‘‘One of the creators told us when she interviewed us ‘It’s probably one of the hardest things you’ll ever do’ and she wasn’t far off,’’ Cranfield said. ‘‘It was a lot harder than what I thought it was going to be.

‘‘I suppose we went in there a little bit naive and thought ‘Oh the wonderful world of television, there will be a fair bit of smoke and mirrors’ but it’s a hundred times harder than what I thought it was going to be.’’

They were one of the eight couples who competed in a 24-hour elimination challenge, with four going on to renovate one of four terrace houses in Dorcas Street.

The good-natured couple was given the first choice of terrace houses and chose the largest, finding it in disrepair, with no floor or back wall. The couples renovated one room each week, competing against each other for the judges’ votes.

‘‘We made a bit of a decision that we wouldn’t just take everything on board that the judges did and just chop and change according to what they said every week, because you had to stick to your guns and do what you wanted to do,’’ Cranfield said.

‘‘But you do take a little bit on board, it does add a little bit of pressure because you work your guts out all week and go to the judging and a lot of time they can be pretty critical. It can be a hard thing to hear that but it can be a bit of a reality check at the end of every week I suppose.’’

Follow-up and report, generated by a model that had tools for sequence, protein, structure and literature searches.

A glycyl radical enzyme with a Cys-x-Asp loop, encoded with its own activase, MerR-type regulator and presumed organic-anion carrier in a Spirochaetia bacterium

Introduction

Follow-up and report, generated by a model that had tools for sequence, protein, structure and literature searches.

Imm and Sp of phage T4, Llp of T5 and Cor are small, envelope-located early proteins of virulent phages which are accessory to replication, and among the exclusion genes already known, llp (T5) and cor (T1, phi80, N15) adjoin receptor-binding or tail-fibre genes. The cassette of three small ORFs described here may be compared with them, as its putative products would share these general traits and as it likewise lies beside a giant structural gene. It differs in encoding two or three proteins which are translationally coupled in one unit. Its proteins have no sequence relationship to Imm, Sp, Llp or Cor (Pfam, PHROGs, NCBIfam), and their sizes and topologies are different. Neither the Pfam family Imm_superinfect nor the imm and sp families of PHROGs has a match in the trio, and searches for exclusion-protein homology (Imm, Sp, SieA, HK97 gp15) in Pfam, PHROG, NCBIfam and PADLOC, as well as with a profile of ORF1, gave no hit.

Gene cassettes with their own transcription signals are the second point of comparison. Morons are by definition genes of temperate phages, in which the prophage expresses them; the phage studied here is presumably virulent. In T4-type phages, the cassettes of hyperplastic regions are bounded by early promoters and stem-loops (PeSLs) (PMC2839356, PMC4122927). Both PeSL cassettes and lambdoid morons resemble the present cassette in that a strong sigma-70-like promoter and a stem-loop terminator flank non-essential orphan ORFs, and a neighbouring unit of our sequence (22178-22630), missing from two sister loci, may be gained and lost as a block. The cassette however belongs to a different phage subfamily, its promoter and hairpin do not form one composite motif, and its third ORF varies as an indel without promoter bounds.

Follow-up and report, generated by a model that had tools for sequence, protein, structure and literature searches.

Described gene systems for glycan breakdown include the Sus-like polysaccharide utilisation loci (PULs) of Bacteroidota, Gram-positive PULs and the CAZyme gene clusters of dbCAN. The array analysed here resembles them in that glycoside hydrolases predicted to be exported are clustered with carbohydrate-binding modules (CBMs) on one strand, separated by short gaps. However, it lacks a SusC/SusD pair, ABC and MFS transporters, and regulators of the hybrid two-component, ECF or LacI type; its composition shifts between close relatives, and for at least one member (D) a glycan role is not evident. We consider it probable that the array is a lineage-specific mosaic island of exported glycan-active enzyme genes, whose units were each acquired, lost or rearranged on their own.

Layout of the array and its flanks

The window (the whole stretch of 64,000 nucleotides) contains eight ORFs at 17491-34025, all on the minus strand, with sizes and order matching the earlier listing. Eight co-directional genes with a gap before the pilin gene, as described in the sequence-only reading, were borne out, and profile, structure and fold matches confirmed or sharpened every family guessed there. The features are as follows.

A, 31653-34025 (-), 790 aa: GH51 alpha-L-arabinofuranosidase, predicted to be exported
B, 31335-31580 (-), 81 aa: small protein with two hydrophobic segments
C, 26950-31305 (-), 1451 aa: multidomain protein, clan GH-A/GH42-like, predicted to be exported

It was four weeks before Cranfield and Welham had a room voted better than the other couples – their bathroom.

‘‘It did feel a long time coming, we thought we’d be close on a couple of the other rooms as well, but it wasn’t to be,’’ he said.

‘‘To finally get that win was a bit of a confidence boost as well, to know that you’re on the right track and people appreciate what you’re doing.’’

It was one of the couple’s favourite rooms, along with their laundry/bar which led to a rooftop terrace complete with views of the city skyline. It too was voted by judges as the best of all the projects for that week.

But Cranfield said the project might also have been one of the most difficult periods of their time on the show. The entire 10-week renovation was physically, mentally and emotionally strenuous, with the couples working virtually non-stop to complete their rooms and orientate themselves with their new home city. Cranfield said the couple spent the first weeks travelling about 45minutes to Chadstone to a homewares chain store until they discovered there was another store two minutes away.

The four couples also shared one outdoor toilet and shower with the tradesmen until the plumbing was connected.

‘‘I don’t stress out, I’m not a stress head most of the time,’’ Cranfield said. ‘‘Lara can get a bit worked up at times over different things but I suppose I see it that if you go stressing or worrying or arguing or different things like that you’re only wasting time in the long run and I think you learn that pretty quick on The Block, you don’t really have time to waste, at all.